I encountered this question in the Reopen queue. At the time, it looked like this. I suspected it might not be worthy of re-opening, so instead of using Edit and Reopen I opened the question in a separate window to investigate. It took me a bit to figure out what the OP was asking and re-word the post accordingly, so given my investment I saved my edit in the 2nd window. Returning to the question in Reopen queue, I cast a Reopen vote and was greeted by this: enter image description here

The explanatory text notes, "This question has serious problems that must be fixed before it can be answered". Since the post was Closed at this time, I assume this means the post needed to be edited before it could be Reopened. But the only one to who has ever edited it was me. Also notice the version of the question shown in the audit is my edited version, not what was in the queue before my edit.

Did editing the post outside the Reopen queue create an audit that I failed with my "Reopen without Edit" action?

Update: I just noticed my Reopen vote did not get cast. I guess that makes sense, but this kinda feels bug-ish because I really did intend a Reopen vote to be cast.


1 Answer 1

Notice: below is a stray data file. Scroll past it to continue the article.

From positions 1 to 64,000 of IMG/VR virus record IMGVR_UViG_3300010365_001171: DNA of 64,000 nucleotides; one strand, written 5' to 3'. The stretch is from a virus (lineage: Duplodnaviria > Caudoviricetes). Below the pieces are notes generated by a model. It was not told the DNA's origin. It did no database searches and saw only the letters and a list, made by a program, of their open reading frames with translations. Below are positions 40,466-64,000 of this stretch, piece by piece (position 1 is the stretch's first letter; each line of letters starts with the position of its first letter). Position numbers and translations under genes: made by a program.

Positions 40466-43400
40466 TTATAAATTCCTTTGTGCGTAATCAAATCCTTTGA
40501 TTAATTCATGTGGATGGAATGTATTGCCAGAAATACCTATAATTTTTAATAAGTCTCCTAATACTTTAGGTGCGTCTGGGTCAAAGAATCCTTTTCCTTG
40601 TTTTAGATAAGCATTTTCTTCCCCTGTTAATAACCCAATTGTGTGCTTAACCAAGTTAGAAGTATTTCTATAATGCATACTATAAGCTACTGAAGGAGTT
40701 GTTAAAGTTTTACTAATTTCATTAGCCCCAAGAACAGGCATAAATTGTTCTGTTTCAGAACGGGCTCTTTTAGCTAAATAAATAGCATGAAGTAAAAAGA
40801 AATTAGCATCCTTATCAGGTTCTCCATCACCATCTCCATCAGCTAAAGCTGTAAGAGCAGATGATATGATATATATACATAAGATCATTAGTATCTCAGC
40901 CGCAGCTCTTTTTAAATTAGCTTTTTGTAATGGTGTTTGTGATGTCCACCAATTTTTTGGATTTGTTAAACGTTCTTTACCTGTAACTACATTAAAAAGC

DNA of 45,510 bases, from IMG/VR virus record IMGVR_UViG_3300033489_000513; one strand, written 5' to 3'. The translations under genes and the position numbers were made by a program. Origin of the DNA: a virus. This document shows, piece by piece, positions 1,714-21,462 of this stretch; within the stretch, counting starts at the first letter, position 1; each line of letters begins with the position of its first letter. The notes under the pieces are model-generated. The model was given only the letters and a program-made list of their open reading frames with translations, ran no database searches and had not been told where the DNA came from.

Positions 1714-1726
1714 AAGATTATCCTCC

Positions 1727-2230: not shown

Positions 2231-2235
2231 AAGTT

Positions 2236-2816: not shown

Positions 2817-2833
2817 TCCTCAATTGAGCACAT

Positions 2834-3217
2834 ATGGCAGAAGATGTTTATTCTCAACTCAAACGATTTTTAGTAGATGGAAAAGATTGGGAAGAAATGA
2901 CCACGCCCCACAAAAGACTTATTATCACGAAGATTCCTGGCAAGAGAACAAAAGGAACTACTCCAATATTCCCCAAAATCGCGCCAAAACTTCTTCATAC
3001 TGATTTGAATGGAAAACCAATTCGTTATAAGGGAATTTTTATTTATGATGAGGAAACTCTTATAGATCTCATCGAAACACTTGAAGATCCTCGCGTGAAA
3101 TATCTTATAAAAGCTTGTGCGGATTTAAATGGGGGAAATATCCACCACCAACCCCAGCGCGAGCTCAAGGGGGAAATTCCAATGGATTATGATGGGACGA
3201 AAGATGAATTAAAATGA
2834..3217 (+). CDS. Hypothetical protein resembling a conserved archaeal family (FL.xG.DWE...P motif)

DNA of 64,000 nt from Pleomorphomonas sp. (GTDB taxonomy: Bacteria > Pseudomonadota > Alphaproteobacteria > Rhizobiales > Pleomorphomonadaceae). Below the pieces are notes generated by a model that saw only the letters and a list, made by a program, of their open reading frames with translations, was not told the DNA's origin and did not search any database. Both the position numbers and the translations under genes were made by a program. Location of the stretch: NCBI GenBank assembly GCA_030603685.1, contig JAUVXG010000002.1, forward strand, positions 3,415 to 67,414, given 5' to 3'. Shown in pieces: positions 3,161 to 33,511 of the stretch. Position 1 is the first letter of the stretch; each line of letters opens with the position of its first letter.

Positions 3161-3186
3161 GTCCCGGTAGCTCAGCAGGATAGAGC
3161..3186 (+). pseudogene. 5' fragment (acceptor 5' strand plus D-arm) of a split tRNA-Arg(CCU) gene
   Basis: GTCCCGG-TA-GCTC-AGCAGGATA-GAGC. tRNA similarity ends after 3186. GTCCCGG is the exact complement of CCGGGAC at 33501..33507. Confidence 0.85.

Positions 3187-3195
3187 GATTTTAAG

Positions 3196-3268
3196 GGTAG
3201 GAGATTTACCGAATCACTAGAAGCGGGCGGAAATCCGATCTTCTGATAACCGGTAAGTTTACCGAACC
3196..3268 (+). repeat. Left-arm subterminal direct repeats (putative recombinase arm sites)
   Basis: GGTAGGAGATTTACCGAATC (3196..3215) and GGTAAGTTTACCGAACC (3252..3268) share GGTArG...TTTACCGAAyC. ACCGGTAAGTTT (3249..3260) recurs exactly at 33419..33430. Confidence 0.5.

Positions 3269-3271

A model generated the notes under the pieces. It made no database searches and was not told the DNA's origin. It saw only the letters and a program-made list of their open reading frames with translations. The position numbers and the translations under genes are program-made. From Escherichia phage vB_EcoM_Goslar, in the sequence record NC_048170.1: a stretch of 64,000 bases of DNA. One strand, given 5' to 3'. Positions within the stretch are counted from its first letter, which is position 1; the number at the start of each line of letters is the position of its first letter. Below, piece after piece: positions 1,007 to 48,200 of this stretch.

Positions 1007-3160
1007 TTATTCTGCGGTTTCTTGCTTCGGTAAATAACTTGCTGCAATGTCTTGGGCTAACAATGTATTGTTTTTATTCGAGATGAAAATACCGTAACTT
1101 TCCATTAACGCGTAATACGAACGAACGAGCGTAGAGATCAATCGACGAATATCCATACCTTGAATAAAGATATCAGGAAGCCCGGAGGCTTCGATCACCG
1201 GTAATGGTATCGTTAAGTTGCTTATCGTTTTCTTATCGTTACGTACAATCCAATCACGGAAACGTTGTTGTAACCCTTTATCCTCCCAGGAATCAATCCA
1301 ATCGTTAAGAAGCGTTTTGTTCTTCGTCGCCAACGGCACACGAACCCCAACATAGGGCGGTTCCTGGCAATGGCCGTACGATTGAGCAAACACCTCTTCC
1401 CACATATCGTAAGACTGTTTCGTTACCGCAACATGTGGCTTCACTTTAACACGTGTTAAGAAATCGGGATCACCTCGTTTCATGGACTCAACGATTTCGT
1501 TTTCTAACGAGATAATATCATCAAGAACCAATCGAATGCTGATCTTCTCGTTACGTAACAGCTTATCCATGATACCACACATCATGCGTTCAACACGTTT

Questions can be pushed into the Reopen Votes queue either by an edit or a reopen vote. As you said, the only revisions were made by you after you saw the review item, so that couldn't have created the task. I see only one reopen vote on the question now, which I suspect is yours, again cast after you saw the item. Therefore, the question must have only been shown in the queue as an audit. Audits are audits at their creation; normal items cannot transform into audits mid-flight, nor can an audit stop being an audit. The system likely chose this question to test you because of its low score and closed status.

Had you used "Edit and Reopen" from the review page, I think you would have passed. The "correct" decision had already been decided when the audit was created, so your edit outside the task didn't change anything. This is unfortunate, but since you're clearly a conscientious reviewer, there's no need to worry about failing the occasional dubious audit.

  • 9
    Way to test if something is an audit: submit a comment.
    – Ramhound
    Dec 7, 2017 at 4:19

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